Recent Research on Psychosis and Cannabidiol (CBD)
- CBD Potential For Treatment Of Psychosis
The director of Orygen Youth Health Research Centre explained that while tetrahydrocannabinol (THC) in cannabis is thought to be dangerous and has shown to increase the risk of psychosis, another component – cannabidiol (CBD) – appeared to relieve psychosis, depression and anxiety.Director of the University of NSW’s National Cannabis Prevention and Information Centre Jan Copeland said CBD was a “very interesting part of the complex cannabis chemistry” that does not get people stoned, but rather appears to balance the effects of THC, which makes some people anxious. She said there was a small, but growing number of studies suggesting CBD relieved psychosis, anxiety and insomnia.
Information on Psychosis
Psychosis is a serious mental disorder characterized by thinking and emotions that are so impaired, that they indicate that the person experiencing them has lost contact with reality.
People who are psychotic have false thoughts (delusions) and/or see or hear things that are not there (hallucinations). These are referred to as “positive” symptoms; “negative” symptoms like loss of motivation and social withdrawal can also occur.
These experiences can be frightening and may cause people who are suffering from psychosis to hurt themselves or others. It is important to see a doctor right away if you or someone you know is experiencing symptoms of psychosis.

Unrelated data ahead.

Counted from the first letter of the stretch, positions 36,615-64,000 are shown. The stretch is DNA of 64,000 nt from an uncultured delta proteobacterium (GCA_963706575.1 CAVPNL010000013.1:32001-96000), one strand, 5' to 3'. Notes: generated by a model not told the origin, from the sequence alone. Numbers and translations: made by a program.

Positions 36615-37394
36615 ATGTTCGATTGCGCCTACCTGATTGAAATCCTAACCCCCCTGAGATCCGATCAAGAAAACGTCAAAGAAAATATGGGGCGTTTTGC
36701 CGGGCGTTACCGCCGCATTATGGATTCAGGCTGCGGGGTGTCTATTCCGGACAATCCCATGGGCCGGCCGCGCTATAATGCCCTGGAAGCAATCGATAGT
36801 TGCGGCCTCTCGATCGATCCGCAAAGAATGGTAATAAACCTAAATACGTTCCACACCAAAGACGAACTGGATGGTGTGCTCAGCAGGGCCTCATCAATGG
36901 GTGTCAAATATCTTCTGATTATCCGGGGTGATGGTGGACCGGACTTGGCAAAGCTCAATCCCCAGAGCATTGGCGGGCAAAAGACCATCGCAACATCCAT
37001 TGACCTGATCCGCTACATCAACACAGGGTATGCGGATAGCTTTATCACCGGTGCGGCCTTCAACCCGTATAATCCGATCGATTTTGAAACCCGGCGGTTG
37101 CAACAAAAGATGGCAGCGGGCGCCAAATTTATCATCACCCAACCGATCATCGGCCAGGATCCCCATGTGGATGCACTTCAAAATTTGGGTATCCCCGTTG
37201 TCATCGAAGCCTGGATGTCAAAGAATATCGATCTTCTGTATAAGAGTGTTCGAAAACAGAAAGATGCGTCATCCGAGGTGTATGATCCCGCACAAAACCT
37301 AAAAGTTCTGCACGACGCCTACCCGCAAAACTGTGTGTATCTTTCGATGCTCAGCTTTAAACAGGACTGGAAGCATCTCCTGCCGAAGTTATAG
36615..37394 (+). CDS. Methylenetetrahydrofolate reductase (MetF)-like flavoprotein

Psychosis affects three out of every 100 people. It is most likely to be diagnosed in young adults, but psychosis can happen to anyone.
Psychotic disorders are now referred to as schizophrenia spectrum and other psychotic disorders. In addition to the more commonly known mental disorders like schizophrenia, other mental disorders in this group include brief psychotic disorder, schizotypal personality disorder, delusional disorder, schizophreniform disorder, schizoaffective disorder, catatonia, substance/medication-induced psychotic disorder, psychosis due to a medical condition, other specified schizophrenia spectrum, unspecified schizophrenia spectrum, and other psychotic disorder.
Besides catatonia, other catatonia-related disorders include catatonic disorder due to another medical condition, as well as unspecified catatonia. Women who recently had a baby (are in the postpartum state) may uncommonly develop postpartum psychosis. Also, mood disorders like major depressive disorder and bipolar disorder can become severe enough to result in psychotic symptoms like hallucinating or having delusions, also called psychotic features.
⇒ Living with psychosis
Having a psychosis is challenging. The psychosis may be confusing, disorganizing, frightening and start quickly (e.g. after sleep deprivation) or emerge over months to years.
⇒ Resources for support